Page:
Methadone and buprenorphine (given as a tablet or a liquid) are recommended as treatment options for people who are opioid dependent.

A decision about which is the better treatment should be made on an individual basis, in consultation with the person, taking into account the possible benefits and risks of each treatment for that particular person. If both drugs are likely to have the same benefits and risks, methadone should be given as the first choice.

Different people will need different doses of methadone or buprenorphine. People should take methadone or buprenorphine daily in the presence of their doctor, nurse or community pharmacist for at least the first 3 months of treatment and until they are able to continue their treatment correctly without supervision.

Treatment with methadone or buprenorphine should be given as part of a support programme to help the person manage their opioid dependence.

Your responsibility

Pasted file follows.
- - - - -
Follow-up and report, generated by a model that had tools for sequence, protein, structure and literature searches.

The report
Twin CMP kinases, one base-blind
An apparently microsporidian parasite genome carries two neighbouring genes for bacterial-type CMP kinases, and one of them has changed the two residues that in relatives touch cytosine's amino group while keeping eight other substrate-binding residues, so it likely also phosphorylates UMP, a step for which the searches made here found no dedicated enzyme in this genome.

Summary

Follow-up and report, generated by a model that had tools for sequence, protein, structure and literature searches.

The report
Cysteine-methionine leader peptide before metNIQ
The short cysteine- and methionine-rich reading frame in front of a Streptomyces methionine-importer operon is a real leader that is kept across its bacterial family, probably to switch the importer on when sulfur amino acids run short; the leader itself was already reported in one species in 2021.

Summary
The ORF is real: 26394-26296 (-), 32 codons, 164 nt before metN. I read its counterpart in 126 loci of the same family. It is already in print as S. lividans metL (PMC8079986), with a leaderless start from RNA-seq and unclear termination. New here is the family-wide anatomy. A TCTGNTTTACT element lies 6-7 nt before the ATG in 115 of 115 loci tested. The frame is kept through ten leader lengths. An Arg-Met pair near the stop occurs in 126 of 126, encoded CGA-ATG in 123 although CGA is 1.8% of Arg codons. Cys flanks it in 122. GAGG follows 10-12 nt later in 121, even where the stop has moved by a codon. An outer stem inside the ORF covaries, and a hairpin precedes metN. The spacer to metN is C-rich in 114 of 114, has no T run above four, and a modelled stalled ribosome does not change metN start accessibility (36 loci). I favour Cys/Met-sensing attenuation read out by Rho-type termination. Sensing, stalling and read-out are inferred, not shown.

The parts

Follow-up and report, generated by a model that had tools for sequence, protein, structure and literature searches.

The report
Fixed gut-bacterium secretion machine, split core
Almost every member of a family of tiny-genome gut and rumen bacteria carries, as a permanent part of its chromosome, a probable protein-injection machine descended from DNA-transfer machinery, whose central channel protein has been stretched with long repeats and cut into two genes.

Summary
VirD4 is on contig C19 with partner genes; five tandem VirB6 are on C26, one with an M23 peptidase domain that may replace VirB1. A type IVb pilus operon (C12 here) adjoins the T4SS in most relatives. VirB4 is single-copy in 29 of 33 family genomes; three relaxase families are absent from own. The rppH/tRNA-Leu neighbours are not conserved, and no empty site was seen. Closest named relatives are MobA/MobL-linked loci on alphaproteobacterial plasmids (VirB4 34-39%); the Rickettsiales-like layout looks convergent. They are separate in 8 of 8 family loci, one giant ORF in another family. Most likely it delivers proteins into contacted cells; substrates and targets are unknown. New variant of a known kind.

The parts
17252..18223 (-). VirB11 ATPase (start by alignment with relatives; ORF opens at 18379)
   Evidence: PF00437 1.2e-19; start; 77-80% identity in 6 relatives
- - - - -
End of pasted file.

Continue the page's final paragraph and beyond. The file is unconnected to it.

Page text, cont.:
The recommendations in this guidance represent the view of NICE, arrived at after careful consideration of the evidence available. When exercising their judgement, health professionals are expected to take this guidance fully into account, alongside the individual needs, preferences and values of their patients. The application of the recommendations in this guidance is at the discretion of health professionals and their individual patients and do not override the responsibility of healthcare professionals to make decisions appropriate to the circumstances of the individual patient, in consultation with the patient and/or their carer or guardian.

Commissioners and/or providers have a responsibility to provide the funding required to enable the guidance to be applied when individual health professionals and their patients wish to use it, in accordance with the NHS Constitution. They should do so in light of their duties to have due regard to the need to eliminate unlawful discrimination, to advance equality of opportunity and to reduce health inequalities.